Truth Has a Power of Its Own: Conversations About A People’s History is a collection of never-before-published conversations with Howard Zinn, conducted by the distinguished broadcast journalist Ray Suarez in 2007. Suarez’s probing questions and Zinn’s humane (and often humorous) voice—along with his keen moral vision—shine through every one of these lively and thought-provoking conversations, showing that Zinn’s work is as relevant as ever.
Historian Eric Foner spoke at the Howard Zinn Memorial Lecture Series on the topic of "The Second Founding: How the Civil War and Reconstruction Forged a Constitutional Revolution." The event took place at Boston University on March 19, 2019.
In light of the death of the President George H. W. Bush on November 30, 2018, we share some of Howard Zinn’s writing about the Bush administration.
By David Detmer
One of Howard Zinn’s harshest, and most influential, critics is Sam Wineburg, the Margaret Jacks Professor of Education at Stanford University, and Director of the Stanford History Education Group.
In the Winter 2012-2013 issue of American Educator, Professor Wineburg published an eight-page essay entitled “Undue Certainty: Where Howard Zinn’s A People’s History Falls Short.” My new book, Zinnophobia: The Battle over History in Education, Politics, and Scholarship (Zero Books, 2018), contains a lengthy, point-by-point rebuttal to the criticisms he advances in that essay.
Beacon Press has published an new edition of Howard Zinn's 1994 autobiography You Can't Be Neutral on a Moving Train: A Personal History in which Zinn tells his personal stories about 50 years of fighting for social change. This updated version includes a foreword by professor of African American Studies and author Keeanga-Yamahtta Taylor. We share an excerpt from the foreword.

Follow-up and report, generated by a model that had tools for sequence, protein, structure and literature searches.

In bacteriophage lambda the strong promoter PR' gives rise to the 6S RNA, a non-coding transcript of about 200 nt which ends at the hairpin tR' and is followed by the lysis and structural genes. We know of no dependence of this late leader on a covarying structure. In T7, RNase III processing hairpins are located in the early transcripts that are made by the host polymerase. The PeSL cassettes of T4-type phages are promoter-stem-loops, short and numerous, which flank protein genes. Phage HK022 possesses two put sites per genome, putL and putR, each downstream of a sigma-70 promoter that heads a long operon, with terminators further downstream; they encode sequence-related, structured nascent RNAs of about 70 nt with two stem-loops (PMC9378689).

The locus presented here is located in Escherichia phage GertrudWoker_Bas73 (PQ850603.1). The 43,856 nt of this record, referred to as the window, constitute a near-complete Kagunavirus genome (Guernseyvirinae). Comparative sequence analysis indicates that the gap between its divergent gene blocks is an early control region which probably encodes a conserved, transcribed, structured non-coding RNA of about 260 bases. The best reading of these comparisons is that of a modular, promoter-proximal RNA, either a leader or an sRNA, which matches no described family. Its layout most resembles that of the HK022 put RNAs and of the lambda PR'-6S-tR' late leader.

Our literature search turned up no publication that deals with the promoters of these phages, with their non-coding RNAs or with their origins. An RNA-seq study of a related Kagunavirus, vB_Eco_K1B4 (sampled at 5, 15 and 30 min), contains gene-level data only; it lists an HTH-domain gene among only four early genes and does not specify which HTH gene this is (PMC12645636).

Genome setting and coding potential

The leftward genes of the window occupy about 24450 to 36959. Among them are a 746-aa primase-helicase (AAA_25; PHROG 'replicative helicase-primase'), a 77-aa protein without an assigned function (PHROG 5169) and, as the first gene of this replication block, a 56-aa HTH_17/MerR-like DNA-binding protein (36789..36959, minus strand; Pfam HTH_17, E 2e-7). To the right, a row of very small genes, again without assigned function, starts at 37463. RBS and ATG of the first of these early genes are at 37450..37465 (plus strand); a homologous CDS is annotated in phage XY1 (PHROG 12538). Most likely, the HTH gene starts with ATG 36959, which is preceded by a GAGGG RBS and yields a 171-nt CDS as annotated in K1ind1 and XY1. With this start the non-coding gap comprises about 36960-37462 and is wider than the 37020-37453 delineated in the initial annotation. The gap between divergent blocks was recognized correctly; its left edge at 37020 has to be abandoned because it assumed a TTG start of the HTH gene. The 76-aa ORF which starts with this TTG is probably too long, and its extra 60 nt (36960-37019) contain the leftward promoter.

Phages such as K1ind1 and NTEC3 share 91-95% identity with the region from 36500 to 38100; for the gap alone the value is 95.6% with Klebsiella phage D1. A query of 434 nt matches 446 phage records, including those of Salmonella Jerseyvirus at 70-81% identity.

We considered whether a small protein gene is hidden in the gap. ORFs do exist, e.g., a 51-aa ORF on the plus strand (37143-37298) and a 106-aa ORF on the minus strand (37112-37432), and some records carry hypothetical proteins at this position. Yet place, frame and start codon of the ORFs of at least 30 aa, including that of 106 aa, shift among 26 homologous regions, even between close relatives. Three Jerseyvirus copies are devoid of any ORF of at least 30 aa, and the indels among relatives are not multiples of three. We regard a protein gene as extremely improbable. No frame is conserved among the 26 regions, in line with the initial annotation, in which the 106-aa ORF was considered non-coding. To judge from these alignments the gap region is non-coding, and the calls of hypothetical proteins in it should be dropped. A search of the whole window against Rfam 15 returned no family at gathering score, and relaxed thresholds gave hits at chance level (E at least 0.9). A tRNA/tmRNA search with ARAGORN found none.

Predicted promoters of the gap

Abraham A. Callahan has shared his paper "Two Rebel Historians: Thucydides, Howard Zinn and Telling Truth for Social Good " with HowardZinn.org. Written as an honors thesis in the Department of Classics at the University of Texas at Austin, Callahan compares the history writing of Thucydides and Howard Zinn.
The fifth annual Howard Zinn Book Fair will take place on Sunday, Dec. 2, at the San Francisco City College Mission Campus from 10am-6pm. This year’s theme is "Fighting for the Air We Breathe."
The University of Georgia Press has published Howard Zinn's Southern Diary: Sit-Ins, Civil Rights, and Black Women's Student Activism by Robert Cohen with a foreword by Alice Walker. The book includes diary entries from Howard Zinn’s time teaching at Spelman College (1956-1963). Historian Robert Cohen offers a substantial overview of Zinn’s role at Spelman and other archival documents.
Purdue University faculty has created a Howard Zinn Memorial Research Award Fund in American Studies to "support interdisciplinary American Studies research focusing on the ways in which forms of social, cultural, intellectual, and technoscientific expression circulate among, between, and beyond the geographical borders of the United States."
Howard Zinn was the faculty adviser for the Boston University (BU) student newspaper, bu exposure. In 1977-78, the administration of John Silber demanded to review the contents of the paper before it was published and act as a censor. Zinn refused.